The number of elements with which we have to deal is not large enough for such accidental forces to produce stability. The various ways in which the knowledge on which people base their plans is communicated to them is the crucial problem for any theory explaining the economic process, and the problem of what is the best way of utilizing knowledge initially dispersed among all the people is at least one of the main problems of economic policy—or of designing an efficient economic system.
It is a curious fact that this sort of knowledge should today be generally regarded with a kind of contempt and that anyone who by such knowledge gains an advantage over somebody better equipped with theoretical or technical knowledge is thought to have acted almost disreputably.
But I fear that our theoretical habits of approaching the problem with the assumption of more or less perfect knowledge on the part of almost everyone has made us somewhat blind to the true function of the price mechanism and led us to apply rather misleading standards in judging its efficiency.
One reason why economists are increasingly apt to forget about the constant small changes which make up the whole economic picture is probably their growing preoccupation with statistical aggregates, which show a very much greater stability than the movements of the detail.
The remaining dissent seems clearly to be due to purely intellectual, and more particularly methodological, differences.Learn how to use Knowledge using many example sentences.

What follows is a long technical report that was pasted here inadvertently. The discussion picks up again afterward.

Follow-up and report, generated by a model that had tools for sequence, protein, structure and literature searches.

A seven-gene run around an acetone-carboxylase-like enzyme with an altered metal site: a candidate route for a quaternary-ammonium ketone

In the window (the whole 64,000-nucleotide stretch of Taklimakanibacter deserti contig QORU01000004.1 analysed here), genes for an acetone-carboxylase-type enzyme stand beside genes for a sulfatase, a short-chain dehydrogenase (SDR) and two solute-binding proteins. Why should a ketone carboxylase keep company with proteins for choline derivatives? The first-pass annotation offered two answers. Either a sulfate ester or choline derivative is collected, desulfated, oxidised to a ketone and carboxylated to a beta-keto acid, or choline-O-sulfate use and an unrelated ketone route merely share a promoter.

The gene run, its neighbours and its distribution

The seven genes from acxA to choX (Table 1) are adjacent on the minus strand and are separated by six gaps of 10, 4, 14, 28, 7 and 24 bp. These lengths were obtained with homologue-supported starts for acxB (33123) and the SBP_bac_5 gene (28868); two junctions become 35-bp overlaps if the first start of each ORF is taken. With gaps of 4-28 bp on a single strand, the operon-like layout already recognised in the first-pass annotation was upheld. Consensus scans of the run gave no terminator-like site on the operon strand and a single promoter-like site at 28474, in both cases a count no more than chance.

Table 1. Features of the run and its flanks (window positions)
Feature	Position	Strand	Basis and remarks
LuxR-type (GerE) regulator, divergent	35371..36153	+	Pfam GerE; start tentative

Learn collocations of Knowledge with free vocabulary lessons. Hayek: The Use of Knowledge in Society - University of Chicago. prior permission, you may not download an entire issue of a journal or multiple copies of articles, and you may use content in the JSTOR archive only for your personal, non-commercial use.
Please contact the publisher regarding any further use of this work. If you want to learn as much as possible about economics from just one article, read Friedrich A. Hayek’s “The Use of Knowledge in Society,” published in the September issue of The American Economic Review.
First, no other article explains the economic problem as clearly. The Online Library of Liberty A Project Of Liberty Fund, Inc. Friedrich August von Hayek, “The Use of Knowledge in Society”  The Online Library Of Liberty Collection This E-Book (PDF format) is published by Liberty Fund, Inc., a private, non-profit.
Hayek’s “The Use of Knowledge in Society” – A Summary I have been thinking a lot about the misunderstandings of Hayek’s “ The Use of Knowledge in Society ” essay.
Below I offer what I think is a quick summary of his argument that stresses both the importance of private property and the price system as jointly necessary for economic coordiation.Download